In response to this weekend’s bombing in Saudi Arabia, the Department of Homeland Security has issued an "Informational Bulletin" to U.S. law enforcement authorities to be on guard for possible attacks by terrorists impersonating police or other first responders.
Domestic agencies are being cautioned to watch for terrorists who may seek to disguise themselves as police officers and/or security guards.
A spokesman for DHS says there is no intelligence suggesting such an attack is planned or that terrorists are systematically trying to obtain police equipment and uniforms. The bulletin is simply being distributed to raise awareness.
In Saturday's bombing in Riyahd, terrorists apparently used police uniforms, badges, and a vehicle painted like a police cruiser to gain access to the targeted compound. Investigators said the vehicle was apparently a private sport utility vehicle painted with police insignia. Once inside they triggered an explosive device hidden inside a vehicle. U.S. law enforcement agencies are being asked to keep a special watch for reports of stolen uniforms and equipment and the theft of explosive materials.
PoliceOne has warned of possible attacks by terrorists disguised as first responders in the past. Terrorist groups have utilized police or military uniforms to mask their identities and achieve closer access to their targets without arousing suspicion.
Terrorists in South America, Russia, the Philippines and Pakistan have commandeered or stolen emergency medical services vehicles and uniforms (or imitations) to facilitate attacks on key facilities.
Law Enforcement should note that missing uniforms, badges and equipment is a major problem across the country with many incidents during the past two years.
In an effort to understand the extent of official identification, uniform, and vehicle thefts, the DHS conducted a survey of selected members of the law enforcement community in five states. The survey revealed that from February to May 2003 hundreds of official identification cards, badges, decals, uniforms, and government license plates were reported stolen or lost.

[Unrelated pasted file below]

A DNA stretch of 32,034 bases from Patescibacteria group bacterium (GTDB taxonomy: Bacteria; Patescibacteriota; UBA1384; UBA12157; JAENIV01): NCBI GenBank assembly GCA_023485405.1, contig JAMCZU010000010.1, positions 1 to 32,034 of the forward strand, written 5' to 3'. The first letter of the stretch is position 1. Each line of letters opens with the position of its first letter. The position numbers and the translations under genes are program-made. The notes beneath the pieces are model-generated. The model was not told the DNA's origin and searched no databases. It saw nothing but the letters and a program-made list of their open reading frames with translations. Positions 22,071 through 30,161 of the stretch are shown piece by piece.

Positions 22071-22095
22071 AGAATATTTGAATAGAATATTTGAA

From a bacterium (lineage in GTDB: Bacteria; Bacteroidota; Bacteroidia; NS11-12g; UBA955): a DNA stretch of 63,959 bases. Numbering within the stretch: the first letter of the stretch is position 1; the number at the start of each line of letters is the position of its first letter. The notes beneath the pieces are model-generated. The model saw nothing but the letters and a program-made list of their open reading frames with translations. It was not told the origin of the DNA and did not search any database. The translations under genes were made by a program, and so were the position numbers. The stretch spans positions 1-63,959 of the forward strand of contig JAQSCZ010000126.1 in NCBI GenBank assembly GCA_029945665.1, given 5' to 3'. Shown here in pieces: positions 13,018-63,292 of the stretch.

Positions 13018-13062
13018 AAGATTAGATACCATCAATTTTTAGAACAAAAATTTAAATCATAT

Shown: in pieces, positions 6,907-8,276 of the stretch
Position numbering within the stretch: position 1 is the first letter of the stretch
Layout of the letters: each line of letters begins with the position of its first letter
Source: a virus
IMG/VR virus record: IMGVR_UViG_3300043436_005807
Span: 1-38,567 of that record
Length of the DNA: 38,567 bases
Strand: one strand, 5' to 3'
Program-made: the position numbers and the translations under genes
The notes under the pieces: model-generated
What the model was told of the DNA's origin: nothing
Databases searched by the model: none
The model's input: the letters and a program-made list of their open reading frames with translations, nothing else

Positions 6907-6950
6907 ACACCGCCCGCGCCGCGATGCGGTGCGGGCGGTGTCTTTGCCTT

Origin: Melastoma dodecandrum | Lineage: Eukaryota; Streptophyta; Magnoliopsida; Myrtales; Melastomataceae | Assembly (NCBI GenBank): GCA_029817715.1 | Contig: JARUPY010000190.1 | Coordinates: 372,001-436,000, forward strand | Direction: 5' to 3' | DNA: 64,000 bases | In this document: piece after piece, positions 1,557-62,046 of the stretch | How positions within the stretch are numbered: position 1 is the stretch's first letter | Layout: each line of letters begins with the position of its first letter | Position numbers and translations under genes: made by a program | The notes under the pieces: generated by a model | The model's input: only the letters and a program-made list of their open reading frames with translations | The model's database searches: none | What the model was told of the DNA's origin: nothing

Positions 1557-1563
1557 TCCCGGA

Agencies should review policies for keeping track of and securing uniforms and equipment. Agencies should also be aware of the risk of secondary terrorist attacks targeting emergency services personnel. During an emergency situation all emergency personnel - Police, Fire and EMS - should be on the lookout for items or individuals out of place, such as a firefighter wearing a coat from a department that would not ordinarily respond.
Intelligence continues to suggest al Qaeda is still focused on mounting attacks against U.S. interests here and abroad. Saudis blamed al Qaeda militants for this weekend's homicide car bombing of a Riyadh housing complex that killed 17 people, declaring it proof of the terror network's willingness to shed Muslim blood in its zeal to bring down the U.S.-linked Saudi monarchy.
Four U.S. citizens were among the wounded. In Washington, State Department spokeswoman Amanda Batt said "some Americans were treated for minor injuries and released." U.S. Deputy Secretary of State Richard Armitage said he was "personally quite sure" al Qaeda was behind the Saturday night attack "because this attack bears the hallmark of them."